Hey! A Bee Stung Me!

Hey! A Bee Stung Me!

What's a Bee?

Bee, or honeybee, is the word many people use to describe any flying insect that has wings and a stinger. But honeybees are really only one of a group of insects that includes other bees, wasps, and ants.

Bees are fuzzy insects that feed on flowers. There are thousands of different types of bees worldwide, and they can be many different colors. The most familiar kind of bee is the honeybee. These bees build nests out of wax in old trees and manmade hives (like the ones that beekeepers take care of) and spend a lot of their time collecting nectar and pollen from flowers. Then they turn the nectar into honey for food.

Wasps are closely related to bees, but instead of only feeding on pollen and honey, wasps eat animal food, other insects, or spiders. They are not fuzzy like bees, but seem kind of smooth and shiny, and they have skinnier bodies. There are also thousands of different types of wasps in the world. Two common types of wasps are bald-faced hornets and yellow jackets. Bald-faced hornets are black with white markings, and they build papery nests shaped like footballs in trees and shrubs. Yellow jackets have yellow and black stripes on their bodies and are smaller than hornets and honeybees. They make their nests in the ground or in old tree stumps.

Ants are small insects that can be brown, black, or red. Some have wings and others don't. Some ants can sting, like the fire ant. Fire ants are tiny and reddish-brown and live in nests under the ground.

What a Sting Looks and Feels Like

Honeybees, wasps, hornets, fire ants, and yellow jackets may look different and have different homes, but they all sting when they are upset! If a person is stung by any of these insects, the sting will feel a lot like a shot at the doctor's office.

The site of the sting will feel hot and it may itch. A red bump surrounded by white skin will develop around the sting, except for the sting of the fire ant, which turns into an itchy blister.

Wasps and many bees can sting more than once because they are able to pull out their stinger without injuring themselves. Only honeybees have special hooks on their stinger that keep the stinger in the skin after a person is stung. The stinger gets torn out of the bee's body as it tries to fly away. As a result, the honeybee dies after stinging.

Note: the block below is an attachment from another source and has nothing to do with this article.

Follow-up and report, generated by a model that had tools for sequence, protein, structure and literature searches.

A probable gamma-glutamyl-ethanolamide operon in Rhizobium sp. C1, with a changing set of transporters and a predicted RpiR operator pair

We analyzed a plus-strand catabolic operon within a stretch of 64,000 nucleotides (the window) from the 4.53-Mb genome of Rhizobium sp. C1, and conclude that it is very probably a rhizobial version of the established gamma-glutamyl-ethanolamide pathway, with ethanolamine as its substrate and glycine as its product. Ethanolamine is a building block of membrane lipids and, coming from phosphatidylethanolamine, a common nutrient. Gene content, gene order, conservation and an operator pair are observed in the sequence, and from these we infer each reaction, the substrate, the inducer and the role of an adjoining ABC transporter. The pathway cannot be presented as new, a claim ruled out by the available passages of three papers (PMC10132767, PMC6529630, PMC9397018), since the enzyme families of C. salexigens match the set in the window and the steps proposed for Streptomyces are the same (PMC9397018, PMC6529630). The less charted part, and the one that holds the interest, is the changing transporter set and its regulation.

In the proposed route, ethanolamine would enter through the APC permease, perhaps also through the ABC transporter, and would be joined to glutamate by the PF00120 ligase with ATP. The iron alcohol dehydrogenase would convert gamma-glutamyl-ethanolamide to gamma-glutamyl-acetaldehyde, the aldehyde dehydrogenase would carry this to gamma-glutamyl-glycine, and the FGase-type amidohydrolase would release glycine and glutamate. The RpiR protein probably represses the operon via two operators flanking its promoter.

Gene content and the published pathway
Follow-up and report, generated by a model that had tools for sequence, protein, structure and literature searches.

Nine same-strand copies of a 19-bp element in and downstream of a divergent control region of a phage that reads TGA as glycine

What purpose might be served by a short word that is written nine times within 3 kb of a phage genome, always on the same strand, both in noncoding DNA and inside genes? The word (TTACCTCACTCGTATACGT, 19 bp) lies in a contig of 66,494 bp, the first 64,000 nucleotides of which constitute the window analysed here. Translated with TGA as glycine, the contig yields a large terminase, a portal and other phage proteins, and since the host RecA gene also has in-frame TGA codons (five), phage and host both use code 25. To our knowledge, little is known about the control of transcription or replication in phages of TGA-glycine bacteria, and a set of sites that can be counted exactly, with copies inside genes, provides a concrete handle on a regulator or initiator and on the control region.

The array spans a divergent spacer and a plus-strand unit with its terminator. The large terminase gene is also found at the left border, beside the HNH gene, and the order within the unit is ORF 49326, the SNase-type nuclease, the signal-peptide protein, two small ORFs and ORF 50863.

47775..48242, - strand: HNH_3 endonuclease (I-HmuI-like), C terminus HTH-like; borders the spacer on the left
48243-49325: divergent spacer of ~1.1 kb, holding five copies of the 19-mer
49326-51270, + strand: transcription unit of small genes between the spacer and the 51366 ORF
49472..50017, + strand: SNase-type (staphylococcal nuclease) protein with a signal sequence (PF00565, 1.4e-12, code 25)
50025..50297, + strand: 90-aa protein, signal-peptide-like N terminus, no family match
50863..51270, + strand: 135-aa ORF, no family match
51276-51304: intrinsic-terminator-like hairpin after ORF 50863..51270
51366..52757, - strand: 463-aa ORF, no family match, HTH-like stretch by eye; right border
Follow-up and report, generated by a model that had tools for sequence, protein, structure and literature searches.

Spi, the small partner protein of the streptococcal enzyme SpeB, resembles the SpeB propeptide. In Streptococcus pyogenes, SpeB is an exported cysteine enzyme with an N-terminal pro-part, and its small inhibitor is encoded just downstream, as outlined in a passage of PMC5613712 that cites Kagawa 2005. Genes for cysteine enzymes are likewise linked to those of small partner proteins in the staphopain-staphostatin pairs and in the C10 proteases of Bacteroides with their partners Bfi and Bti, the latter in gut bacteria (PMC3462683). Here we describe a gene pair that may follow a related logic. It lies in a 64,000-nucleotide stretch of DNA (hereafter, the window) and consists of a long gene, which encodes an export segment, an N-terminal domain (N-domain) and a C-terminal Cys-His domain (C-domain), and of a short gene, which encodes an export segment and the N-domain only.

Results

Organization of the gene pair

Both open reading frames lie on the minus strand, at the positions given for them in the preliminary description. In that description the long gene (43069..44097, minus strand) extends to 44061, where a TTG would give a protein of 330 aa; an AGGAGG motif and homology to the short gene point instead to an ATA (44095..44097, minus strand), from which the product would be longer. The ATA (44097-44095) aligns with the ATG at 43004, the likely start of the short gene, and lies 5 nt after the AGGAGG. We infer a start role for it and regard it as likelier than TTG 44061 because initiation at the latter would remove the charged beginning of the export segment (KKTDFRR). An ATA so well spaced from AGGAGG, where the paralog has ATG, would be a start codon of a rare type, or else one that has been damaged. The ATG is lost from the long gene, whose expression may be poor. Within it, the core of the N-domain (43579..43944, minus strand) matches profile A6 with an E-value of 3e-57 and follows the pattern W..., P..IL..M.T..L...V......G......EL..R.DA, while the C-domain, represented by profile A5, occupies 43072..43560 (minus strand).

What You Should Do

If you think you have been stung by one of these insects, tell an adult immediately. Some people are allergic to stings from insects. The symptoms of an allergic reaction include hives (red patches on the skin that sting and itch), nausea, dizziness, a tight feeling in the throat, or difficulty breathing. If these symptoms occur, the person needs medical attention right away.

But more often, you can follow these steps after getting stung:

What a Doctor Will Do

Call the doctor if you or your parent have concerns about the redness, swelling, or itching. Sometimes, the doctor will suggest giving a medicine called an antihistamine to control these symptoms.

If someone has an allergic reaction to a bee sting, a doctor must immediately give a shot that fights the reaction. People who know that they are allergic to bee stings also sometimes carry emergency medicine that they can give to themselves to prevent a severe reaction from happening.

How to Avoid Getting Stung

If you know you are allergic to bees or other insects, you'll want to take extra steps to avoid getting bitten or stung. You may want to avoid places where they spend time, like gardens or orchards in bloom.

No one likes to get stung, so here's some advice for everyone:

If a bee or wasp flies around you, stay calm and don't swat at it. If you get stung, tell an adult and go indoors right away.

Reviewed by: Elana Pearl Ben-Joseph, MD
Date reviewed: April 2013





Note: All information is for educational purposes only. For specific medical advice, diagnoses, and treatment, consult your doctor.

© 1995-2014 The Nemours Foundation/KidsHealth. All rights reserved.





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